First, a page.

In the late 1800s, much of the American western frontier was still a wild and untamed land. In many towns, saloons, gambling dens, and “dance halls” (usually brothels) outnumbered all other establishments combined. Most towns did not have schools, nor a church of any denomination. As one wag put it, “This country is fine for men and cattle, but hell on women and horses.”

But there were many who wanted more than just a fast buck: they were looking for a place to put down roots, get married, raise a family and build a home. They knew that having a church in their community was essential. And so the chapel car was invented, and over the next few years, 13 were built – seven for the Baptists, three for the Episcopalians, and three for the Catholics.  They were in operation primarily in the Western U.S. between about 1890 and 1940.

Each of the cars was a little different, but they were all built along the same idea. Most of the car was a church building on wheels, with seating for 50-80 people, a small lectern, and an old-style pump organ. The rest of the car was a small private area where the missionary and his wife would live, and it included drop-down bunks that were mounted on the wall, a small kitchen/ living space, a water closet/ toilet, and a tiny office/ study area.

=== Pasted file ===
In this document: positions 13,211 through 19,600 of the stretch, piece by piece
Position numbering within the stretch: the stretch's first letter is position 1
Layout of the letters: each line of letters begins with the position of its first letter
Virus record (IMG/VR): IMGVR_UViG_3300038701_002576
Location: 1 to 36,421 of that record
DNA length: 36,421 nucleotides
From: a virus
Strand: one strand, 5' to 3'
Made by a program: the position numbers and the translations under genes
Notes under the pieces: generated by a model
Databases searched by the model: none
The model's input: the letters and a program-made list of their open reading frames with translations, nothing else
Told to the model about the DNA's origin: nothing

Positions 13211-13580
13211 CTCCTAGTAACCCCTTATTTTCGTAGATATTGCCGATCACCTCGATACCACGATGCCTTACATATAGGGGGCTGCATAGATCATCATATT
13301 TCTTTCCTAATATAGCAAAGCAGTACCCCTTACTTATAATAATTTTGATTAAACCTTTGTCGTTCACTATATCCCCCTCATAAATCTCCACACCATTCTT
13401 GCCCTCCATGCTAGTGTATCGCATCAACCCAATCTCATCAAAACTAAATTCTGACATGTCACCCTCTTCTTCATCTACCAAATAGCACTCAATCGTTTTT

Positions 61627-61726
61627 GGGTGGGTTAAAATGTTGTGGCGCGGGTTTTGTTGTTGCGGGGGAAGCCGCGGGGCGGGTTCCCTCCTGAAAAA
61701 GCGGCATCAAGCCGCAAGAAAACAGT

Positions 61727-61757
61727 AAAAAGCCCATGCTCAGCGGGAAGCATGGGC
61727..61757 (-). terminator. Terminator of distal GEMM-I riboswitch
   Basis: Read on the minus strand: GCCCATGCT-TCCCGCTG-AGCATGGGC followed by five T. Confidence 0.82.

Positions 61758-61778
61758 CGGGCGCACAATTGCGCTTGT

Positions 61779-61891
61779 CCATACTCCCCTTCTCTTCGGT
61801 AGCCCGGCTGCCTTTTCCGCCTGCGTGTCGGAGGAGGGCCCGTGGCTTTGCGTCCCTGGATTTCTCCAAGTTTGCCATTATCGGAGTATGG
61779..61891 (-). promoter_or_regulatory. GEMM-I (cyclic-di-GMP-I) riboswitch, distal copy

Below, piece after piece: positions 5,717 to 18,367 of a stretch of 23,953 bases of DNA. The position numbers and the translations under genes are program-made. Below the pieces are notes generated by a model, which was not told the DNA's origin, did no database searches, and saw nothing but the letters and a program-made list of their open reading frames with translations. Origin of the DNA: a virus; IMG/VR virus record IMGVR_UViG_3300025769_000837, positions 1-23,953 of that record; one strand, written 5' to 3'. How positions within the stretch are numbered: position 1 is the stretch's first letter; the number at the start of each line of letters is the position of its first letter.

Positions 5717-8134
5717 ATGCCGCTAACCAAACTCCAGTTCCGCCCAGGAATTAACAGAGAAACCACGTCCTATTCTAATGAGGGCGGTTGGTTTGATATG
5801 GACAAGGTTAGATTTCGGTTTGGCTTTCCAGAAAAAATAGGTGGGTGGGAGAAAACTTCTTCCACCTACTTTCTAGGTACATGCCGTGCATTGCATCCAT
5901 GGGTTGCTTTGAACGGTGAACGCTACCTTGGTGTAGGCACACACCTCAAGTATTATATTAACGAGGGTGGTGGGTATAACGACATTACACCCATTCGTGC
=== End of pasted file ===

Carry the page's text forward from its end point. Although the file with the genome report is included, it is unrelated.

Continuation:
The railroads were big supporters of the concept, and for many years, provided free hauling and parking services for the cars, as well as free or reduced-cost maintenance. The usual pattern was to pull the car into a town and park it on a convenient siding. Sometimes it was parked near the railroad’s shops; often it would be parked near a town’s “red light” district, to counter the influence of the whiskey and women there.